Passive dosimeters for nitrogen dioxide in personal/indoor air sampling: A review

Chang Ho Yu, Maria T. Morandi, Clifford P. Weisel

Research output: Contribution to journalReview articlepeer-review

40 Scopus citations


Accurate measurement of nitrogen dioxide concentrations in both outdoor and indoor environments, including personal exposures, is a fundamental step for linking atmospheric nitrogen dioxide levels to potential health and ecological effects. The measurement has been conducted generally in two ways: active (pumped) sampling and passive (diffusive) sampling. Diffusion samplers, initially developed and used for workplace air monitoring, have been found to be useful and cost-effective alternatives to conventional pumped samplers for monitoring ambient, indoor and personal exposures at the lower concentrations found in environmental settings. Since the 1970s, passive samplers have been deployed for ambient air monitoring in urban and rural sites, and to determine personal and indoor exposure to NO2. This article reviews the development of NO2 passive samplers, the sampling characteristics of passive samplers currently available, and their application in ambient and indoor air monitoring and personal exposure studies. The limitations and advantages of the various passive sampler geometries (i.e., tube, badge, and radial type) are also discussed. This review provides researchers and risk assessors with practical information about NO2 passive samplers, especially useful when designing field sampling strategies for exposure and indoor/outdoor air sampling.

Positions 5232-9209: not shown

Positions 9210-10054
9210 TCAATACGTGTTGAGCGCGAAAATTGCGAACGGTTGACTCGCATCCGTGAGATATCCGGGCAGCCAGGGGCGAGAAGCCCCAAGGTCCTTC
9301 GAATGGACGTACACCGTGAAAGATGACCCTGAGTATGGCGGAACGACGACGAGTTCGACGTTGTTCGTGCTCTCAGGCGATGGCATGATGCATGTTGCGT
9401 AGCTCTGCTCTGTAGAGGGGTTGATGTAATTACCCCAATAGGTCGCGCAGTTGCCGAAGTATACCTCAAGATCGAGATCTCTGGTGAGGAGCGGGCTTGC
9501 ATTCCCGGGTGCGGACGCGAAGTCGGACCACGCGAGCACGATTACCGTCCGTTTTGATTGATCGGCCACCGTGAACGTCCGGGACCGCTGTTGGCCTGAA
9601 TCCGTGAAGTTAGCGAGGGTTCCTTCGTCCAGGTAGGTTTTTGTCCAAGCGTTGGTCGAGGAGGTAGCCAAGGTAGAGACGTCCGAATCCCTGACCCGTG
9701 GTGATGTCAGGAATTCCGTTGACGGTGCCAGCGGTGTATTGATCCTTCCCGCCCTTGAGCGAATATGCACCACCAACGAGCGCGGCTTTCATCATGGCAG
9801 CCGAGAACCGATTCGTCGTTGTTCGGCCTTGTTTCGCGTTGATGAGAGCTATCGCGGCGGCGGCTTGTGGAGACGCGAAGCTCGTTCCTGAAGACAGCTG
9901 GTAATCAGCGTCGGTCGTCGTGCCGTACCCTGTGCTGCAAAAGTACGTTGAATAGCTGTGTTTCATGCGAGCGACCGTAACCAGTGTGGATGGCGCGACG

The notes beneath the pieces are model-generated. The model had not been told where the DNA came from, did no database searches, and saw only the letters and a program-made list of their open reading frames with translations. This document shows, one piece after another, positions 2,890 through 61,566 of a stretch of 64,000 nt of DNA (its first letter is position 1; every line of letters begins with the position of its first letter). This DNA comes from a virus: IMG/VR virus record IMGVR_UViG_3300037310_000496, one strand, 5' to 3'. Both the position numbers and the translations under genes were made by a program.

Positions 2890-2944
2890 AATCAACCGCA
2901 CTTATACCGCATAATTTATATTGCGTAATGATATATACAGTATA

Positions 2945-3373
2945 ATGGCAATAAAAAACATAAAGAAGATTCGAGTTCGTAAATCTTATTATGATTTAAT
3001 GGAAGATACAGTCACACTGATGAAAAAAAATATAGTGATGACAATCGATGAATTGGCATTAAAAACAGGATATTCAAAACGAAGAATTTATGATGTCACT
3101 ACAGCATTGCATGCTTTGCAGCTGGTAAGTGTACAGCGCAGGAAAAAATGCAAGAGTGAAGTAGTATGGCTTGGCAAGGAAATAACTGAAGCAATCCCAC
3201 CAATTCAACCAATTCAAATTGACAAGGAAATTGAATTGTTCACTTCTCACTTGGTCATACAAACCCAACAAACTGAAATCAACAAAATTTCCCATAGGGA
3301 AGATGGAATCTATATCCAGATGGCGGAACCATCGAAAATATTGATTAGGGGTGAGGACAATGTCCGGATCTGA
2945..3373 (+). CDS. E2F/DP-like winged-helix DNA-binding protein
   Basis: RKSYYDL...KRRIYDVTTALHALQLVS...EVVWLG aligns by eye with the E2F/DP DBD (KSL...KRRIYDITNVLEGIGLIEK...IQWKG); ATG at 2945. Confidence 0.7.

Original languageEnglish (US)
Pages (from-to)441-451
Number of pages11
JournalJournal of Exposure Science and Environmental Epidemiology
Issue number5
StatePublished - Sep 2008

All Science Journal Classification (ASJC) codes

  • Public Health, Environmental and Occupational Health
  • Pollution
  • Epidemiology
  • Toxicology


  • Diffusive sampler
  • Indoor sampling
  • Nitrogen dioxide
  • Passive sampler
  • Personal exposure


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